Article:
Thursday October 23, 2014




A mistake is an opportunity to learn

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I had much to learn as a bride at nineteen. But the Lord God said, “It is not good that the man should be alone; I will make him a helper fit for him,” and the Lord God knows I tried to be that helper to my man.

My enthusiasm surpassed my ignorance, in the kitchen at least. The sunny side up eggs I cooked on the morning following our honeymoon looked scrumptious – until I tried to take them out of the pan. (Don’t ask me how I escaped high school Home Economics classes without learning that eggs need a pat of butter or a squirt of oil in the pan first.)

Walking into our apartment kitchen, a week or two after the eggs, my new husband waved his nose around, grinning. “Hmmm, what’s cooking?”

“Meat loaf.”

He looked puzzled. “We had no ground beef. Did you go to the store?”

“No.”

“Where’d you get the ground beef, then?”

“Made it myself,” I said. All proud. “I used the leftover cooked roast beef from our dinner last night. Ground it in the food processor. Then I just followed the recipe.” I recited the loaf’s ingredients, as listed in the classic Bride’s Book of Ideas – his wedding gift to me. Eggs, oatmeal, cornflakes, spices, catsup. “We had everything!”

“But,” he stammered, “no ground beef! Cooked roast beef plus a food processor equals pureed roast beef, not ground beef.”

I waved off that small clarification. “Semantics. Same thing.”

“No. It’s not,” he said, louder. “Not even close. Ground beef is HAMBURGER. And we had NONE!”

Many tears (mine) later, the oven spit out the most fragrant brick any home kitchen has seen. We ate out that evening – but over dinner Rick learned that at my childhood home, the only name for hamburger was hamburger. Not ground beef.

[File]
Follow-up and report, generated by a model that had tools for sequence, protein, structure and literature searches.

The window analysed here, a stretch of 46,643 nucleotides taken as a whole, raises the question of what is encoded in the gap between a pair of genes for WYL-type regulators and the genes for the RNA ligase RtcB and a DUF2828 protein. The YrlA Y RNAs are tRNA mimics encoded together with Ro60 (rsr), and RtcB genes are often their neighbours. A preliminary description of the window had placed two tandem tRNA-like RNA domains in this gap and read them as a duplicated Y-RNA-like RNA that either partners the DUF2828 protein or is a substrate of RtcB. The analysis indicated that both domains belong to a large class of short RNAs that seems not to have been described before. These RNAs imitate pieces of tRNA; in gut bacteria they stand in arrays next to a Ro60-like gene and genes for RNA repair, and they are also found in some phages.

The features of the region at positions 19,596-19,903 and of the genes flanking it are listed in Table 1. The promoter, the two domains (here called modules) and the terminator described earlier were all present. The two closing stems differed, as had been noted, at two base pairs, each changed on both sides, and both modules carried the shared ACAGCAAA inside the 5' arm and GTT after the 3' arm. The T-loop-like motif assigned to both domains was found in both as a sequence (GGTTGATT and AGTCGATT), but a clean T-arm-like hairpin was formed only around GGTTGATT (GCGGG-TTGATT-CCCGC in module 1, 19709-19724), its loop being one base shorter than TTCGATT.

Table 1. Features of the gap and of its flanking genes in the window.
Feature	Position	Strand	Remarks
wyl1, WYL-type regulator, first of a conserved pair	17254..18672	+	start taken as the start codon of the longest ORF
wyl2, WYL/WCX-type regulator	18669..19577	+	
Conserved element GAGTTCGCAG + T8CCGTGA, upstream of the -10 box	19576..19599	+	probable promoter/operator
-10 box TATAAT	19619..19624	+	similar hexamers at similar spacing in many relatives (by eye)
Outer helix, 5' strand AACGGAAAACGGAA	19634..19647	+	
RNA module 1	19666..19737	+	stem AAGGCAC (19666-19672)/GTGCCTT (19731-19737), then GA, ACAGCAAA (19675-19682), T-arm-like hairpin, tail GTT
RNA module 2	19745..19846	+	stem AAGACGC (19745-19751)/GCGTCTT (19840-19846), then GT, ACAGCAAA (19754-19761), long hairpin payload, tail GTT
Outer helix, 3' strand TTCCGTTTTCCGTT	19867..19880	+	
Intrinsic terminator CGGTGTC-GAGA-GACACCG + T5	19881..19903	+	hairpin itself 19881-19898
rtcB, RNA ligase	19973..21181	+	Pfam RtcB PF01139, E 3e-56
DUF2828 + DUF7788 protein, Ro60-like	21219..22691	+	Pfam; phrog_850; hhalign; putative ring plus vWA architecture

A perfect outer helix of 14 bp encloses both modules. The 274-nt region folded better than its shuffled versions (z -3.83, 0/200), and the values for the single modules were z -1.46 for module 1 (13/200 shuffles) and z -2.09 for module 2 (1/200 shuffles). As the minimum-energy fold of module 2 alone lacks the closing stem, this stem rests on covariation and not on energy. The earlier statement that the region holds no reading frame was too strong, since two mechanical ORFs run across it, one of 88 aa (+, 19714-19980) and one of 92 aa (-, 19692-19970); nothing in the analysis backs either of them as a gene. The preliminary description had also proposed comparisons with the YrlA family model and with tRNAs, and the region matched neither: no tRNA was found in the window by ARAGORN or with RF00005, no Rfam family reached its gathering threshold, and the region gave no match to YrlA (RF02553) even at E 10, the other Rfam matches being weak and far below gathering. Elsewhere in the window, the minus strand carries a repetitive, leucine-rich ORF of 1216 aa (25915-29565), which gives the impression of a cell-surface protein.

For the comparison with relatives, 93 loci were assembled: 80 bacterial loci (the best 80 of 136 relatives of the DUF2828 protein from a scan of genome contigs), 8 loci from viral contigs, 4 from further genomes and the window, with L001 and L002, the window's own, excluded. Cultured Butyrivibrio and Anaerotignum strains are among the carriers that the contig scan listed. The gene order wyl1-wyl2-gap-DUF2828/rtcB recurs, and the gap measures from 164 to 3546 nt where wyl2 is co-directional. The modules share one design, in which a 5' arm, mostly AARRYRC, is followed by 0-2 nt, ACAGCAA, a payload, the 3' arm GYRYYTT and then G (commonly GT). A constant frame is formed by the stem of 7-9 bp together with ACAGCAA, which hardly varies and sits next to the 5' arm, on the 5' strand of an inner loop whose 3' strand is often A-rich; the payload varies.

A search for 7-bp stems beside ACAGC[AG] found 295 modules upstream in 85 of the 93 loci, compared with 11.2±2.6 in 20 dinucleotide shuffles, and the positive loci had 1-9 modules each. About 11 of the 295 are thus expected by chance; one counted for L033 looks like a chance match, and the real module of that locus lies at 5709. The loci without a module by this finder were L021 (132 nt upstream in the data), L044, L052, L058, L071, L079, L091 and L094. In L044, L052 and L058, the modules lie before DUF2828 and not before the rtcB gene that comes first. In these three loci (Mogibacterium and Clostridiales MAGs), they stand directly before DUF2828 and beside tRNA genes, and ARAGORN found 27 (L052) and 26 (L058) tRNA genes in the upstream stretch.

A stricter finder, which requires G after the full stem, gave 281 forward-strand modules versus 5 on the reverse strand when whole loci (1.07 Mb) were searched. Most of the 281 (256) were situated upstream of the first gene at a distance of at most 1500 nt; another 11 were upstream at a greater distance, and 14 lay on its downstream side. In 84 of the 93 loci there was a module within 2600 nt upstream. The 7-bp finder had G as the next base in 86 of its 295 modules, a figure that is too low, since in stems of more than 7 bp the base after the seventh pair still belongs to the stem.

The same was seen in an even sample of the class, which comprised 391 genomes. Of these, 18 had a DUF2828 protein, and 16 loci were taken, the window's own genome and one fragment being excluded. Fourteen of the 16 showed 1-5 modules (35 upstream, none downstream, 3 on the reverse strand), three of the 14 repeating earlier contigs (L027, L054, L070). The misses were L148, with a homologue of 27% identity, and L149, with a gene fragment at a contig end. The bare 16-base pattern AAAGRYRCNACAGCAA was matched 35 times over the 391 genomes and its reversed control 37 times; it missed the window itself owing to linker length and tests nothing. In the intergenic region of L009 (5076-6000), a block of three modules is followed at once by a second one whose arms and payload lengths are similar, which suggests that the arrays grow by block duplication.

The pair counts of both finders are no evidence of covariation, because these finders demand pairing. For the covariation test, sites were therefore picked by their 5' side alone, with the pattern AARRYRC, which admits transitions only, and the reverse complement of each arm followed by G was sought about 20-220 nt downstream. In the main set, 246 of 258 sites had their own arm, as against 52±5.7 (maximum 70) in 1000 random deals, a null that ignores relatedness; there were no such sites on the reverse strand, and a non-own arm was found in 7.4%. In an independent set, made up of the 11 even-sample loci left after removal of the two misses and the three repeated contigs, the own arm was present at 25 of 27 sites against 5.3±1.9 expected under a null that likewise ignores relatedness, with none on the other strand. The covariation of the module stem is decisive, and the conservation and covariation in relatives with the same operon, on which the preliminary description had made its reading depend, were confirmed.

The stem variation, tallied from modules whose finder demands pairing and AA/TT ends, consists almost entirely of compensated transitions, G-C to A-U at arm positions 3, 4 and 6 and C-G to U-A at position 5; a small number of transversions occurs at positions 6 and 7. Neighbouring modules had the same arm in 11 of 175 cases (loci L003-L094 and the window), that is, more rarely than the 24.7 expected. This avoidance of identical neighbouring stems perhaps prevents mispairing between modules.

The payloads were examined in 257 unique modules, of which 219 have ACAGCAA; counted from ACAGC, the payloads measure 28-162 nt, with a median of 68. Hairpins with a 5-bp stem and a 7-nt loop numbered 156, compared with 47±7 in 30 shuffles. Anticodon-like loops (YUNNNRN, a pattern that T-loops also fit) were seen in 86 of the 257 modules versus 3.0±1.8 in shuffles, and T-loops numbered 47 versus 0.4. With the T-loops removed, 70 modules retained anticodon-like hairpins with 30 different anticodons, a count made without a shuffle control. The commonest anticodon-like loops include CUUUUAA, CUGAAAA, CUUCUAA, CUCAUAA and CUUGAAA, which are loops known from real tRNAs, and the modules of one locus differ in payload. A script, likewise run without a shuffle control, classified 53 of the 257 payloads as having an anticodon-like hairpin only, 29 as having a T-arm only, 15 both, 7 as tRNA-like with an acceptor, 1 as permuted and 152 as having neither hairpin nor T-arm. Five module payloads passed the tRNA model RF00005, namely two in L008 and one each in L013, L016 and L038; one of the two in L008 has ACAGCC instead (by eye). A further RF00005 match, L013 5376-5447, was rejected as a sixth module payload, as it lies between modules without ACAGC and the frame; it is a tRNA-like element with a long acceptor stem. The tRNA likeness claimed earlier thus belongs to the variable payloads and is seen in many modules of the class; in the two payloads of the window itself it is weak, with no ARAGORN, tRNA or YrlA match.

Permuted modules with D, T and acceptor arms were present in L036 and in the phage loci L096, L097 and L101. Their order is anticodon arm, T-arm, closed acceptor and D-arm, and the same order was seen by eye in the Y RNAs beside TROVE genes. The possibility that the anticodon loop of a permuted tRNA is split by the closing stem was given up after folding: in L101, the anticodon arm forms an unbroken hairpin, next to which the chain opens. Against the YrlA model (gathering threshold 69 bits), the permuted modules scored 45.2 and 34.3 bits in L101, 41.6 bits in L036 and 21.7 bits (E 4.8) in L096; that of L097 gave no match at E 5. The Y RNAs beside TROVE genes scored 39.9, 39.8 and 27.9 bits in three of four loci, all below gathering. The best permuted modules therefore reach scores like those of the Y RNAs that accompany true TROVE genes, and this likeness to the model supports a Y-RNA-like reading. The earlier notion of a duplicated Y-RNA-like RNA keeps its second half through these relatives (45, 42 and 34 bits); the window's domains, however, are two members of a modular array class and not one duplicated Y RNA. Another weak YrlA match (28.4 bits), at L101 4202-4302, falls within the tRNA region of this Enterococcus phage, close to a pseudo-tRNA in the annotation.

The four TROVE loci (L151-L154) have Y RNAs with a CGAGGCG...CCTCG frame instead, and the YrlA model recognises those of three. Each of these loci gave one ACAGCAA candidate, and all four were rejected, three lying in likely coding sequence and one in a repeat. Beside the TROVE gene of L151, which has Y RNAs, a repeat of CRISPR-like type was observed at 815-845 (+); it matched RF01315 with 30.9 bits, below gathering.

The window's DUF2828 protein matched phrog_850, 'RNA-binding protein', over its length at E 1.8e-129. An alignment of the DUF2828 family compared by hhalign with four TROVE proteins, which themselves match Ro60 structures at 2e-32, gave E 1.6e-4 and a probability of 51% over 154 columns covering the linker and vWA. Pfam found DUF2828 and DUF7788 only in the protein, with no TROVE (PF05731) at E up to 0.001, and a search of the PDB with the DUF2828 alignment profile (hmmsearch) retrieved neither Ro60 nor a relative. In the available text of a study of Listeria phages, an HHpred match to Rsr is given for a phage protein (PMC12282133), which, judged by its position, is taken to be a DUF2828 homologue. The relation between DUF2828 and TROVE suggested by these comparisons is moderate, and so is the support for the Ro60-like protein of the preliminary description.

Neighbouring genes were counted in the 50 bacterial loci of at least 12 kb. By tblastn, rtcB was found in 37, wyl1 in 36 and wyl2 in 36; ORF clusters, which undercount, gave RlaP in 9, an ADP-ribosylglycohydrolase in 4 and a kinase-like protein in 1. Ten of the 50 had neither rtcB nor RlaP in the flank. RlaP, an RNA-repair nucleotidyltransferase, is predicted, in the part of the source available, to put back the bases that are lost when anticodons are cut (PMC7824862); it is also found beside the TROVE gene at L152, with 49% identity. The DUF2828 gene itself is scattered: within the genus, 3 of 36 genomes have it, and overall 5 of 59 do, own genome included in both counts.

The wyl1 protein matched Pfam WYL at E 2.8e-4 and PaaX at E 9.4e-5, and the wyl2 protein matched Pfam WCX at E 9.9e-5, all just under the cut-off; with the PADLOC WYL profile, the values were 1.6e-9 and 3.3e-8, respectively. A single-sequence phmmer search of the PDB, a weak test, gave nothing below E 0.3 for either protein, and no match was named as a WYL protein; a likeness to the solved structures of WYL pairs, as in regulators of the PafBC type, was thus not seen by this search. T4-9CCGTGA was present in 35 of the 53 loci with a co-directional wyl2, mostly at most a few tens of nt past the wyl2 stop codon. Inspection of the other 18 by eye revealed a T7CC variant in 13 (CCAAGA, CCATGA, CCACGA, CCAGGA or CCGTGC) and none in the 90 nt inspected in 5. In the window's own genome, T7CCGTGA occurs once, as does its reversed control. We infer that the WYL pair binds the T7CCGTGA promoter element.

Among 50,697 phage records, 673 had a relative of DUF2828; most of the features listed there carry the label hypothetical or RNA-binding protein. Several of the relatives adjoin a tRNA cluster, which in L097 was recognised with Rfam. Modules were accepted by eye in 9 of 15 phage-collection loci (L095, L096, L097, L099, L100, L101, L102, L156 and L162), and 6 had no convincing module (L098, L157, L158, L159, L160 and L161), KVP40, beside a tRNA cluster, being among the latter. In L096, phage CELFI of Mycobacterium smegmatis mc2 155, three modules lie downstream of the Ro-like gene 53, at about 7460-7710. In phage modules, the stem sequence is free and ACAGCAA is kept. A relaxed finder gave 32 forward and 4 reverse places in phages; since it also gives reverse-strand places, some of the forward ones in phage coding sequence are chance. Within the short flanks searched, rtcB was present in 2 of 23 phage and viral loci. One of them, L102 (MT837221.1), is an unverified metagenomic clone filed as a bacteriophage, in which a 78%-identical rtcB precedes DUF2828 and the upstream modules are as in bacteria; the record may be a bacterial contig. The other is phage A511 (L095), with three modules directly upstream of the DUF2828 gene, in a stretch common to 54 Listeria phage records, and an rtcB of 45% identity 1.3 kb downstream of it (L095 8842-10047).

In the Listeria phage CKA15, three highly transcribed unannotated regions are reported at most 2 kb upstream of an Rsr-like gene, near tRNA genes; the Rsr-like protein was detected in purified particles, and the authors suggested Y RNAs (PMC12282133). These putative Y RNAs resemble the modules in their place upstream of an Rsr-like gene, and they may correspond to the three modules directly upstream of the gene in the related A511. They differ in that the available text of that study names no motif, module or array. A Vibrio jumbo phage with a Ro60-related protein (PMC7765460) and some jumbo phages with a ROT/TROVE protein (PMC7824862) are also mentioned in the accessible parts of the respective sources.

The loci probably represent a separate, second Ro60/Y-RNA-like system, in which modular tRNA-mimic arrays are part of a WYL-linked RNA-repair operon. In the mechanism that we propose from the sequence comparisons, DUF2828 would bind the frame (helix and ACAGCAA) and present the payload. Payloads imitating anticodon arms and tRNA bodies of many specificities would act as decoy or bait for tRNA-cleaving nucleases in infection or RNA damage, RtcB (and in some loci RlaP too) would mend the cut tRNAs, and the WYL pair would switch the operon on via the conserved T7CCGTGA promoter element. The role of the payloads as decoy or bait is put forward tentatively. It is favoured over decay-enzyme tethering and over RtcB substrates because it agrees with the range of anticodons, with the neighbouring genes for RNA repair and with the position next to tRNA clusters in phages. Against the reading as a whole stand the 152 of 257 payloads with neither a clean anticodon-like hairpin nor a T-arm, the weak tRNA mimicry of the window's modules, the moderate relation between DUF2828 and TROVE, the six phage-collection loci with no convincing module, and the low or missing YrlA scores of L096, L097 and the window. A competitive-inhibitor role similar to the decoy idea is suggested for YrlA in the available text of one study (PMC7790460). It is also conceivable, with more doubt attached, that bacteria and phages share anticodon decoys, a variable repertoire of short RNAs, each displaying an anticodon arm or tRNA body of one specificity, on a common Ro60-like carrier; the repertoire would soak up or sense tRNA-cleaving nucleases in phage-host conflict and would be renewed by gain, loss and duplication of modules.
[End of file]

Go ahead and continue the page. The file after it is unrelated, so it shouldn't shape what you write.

I told that story to the grandbeans the other day. “But you’re a really good cook now, Nana,” they said.

“Yes,” I said. “I am. But I had to make a lot of mistakes first. And each one taught me something.” Those first mistakes taught us both. They taught me, first of all, that I’d married up, at least in the “plain good cookin’” department – my groom was already an experienced cook. And they taught him the meaning of the term “long suffering.” (Thank God he committed till death parts us.)

The Preacher began sharing the cooking after that. He still does. Some days, when I come home from work, he has a savory loaf ready – using no meat at all, according to my preference for vegetables.

We’ve had to muddle through far greater messes than unintentionally scrambled eggs and fragrant meat-bricks. We still muddle sometimes. But our mistakes always teach us, when we stop being too pig-headed to learn. And with God’s help, our love has stuck. Happy thirty-eighth anniversary, Hon.


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